Call of Duty
Artwork for Call of Duty: Infinite Warfare. Activision

Activision has addressed disappointment in the direction of last year's Call of Duty: Infinite Warfare, admitting that the game "didn't resonate" with the series' huge fan base and that sales-wise "it wasn't the success we planned".

The comments, from executive Eric Hishberg (via Eurogamer), were made during a company investor call. He also revealed that this year's game will "go back" to the series' roots after last year's excursion into science-fiction.

This year that game will be the work of Sledgehammer Games, which with its last Call of Duty title, 2014's Advanced Warfare, introduced faster movement and exoskeleton suits that allowed for wall-running.

These components were built upon in the next two games in the wildly-popular series: Treyarch's Black Ops 3 in 2015 and Infinity Ward's Infinite Warfare last year.

In October 2016, a rumour from IGN Spain (via GameRant) reported that Sledgehammer's game would be set some time between 1955 and 1975, suggesting its basis will be the Vietnam War. If true, the period setting would certainly fit with the series returning to its roots.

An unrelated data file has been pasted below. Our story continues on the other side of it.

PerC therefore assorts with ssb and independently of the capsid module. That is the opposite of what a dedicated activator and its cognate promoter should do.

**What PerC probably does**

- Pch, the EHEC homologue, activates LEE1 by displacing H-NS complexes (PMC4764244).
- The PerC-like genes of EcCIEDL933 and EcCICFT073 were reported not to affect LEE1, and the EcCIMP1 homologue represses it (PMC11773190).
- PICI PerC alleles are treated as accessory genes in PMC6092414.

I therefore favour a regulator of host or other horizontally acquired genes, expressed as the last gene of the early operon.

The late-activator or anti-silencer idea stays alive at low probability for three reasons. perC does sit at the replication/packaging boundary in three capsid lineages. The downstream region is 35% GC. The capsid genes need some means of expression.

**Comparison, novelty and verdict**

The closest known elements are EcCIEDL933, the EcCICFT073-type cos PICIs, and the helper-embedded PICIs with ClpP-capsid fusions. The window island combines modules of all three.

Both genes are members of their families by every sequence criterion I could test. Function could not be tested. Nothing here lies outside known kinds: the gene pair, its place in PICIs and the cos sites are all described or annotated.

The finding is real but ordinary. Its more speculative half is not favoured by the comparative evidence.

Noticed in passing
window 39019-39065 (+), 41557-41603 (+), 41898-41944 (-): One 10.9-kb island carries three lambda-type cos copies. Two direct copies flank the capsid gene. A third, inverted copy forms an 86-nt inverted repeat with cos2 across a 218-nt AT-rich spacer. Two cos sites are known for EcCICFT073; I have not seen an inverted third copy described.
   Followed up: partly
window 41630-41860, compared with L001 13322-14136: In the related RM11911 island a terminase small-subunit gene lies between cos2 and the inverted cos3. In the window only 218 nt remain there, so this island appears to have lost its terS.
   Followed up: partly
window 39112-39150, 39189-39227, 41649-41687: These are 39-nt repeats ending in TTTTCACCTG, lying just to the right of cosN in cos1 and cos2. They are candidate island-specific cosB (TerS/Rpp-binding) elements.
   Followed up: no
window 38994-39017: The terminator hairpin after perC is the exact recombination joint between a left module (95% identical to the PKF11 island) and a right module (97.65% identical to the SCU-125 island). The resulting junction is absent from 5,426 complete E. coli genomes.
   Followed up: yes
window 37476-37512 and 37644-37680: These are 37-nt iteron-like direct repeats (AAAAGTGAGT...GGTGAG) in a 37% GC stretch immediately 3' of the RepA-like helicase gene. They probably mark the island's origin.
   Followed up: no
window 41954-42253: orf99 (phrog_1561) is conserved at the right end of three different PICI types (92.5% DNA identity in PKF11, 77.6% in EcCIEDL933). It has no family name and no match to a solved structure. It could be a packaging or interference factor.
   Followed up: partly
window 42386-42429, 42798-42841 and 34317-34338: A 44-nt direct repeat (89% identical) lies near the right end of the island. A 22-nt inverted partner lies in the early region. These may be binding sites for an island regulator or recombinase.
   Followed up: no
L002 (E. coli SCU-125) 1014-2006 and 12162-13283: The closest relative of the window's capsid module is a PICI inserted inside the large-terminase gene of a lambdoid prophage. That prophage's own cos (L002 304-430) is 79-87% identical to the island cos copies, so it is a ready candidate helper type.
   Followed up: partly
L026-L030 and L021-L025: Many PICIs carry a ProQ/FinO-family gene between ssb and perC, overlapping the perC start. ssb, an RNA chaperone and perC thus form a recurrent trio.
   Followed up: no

If the next Call of Duty is set during a historical conflict, Activision will have been bouyed by EA's enormous success last year with Battlefield 1, which depicted the First World War.

The manufacturer won't exactly be delighted that Call of Duty's chief competitor did so well, but the game's success does show there's an interest in such games.

In our review of Infinite Warfare, we celebrated the game's single player campaign but were critical of the multiplayer side of things, which is the main reason people buy Call of Duty games in droves.

"Unfortunately the multiplayer is a bit of a let down," we wrote. "Too few changes make this feel like a rehash of Black Ops 3 and the new ideas fail to hit the mark."

Infinite Warfare still enjoyed a big launch and sold well, as in, most developers would trade in their grandmothers for such numbers, but it still failed in comparison to older games in the series. Compared to Black Ops 3 for example, sales were down 48.5%.

If past years are anything to go by, this year's Call of Duty will be announced around April or May.

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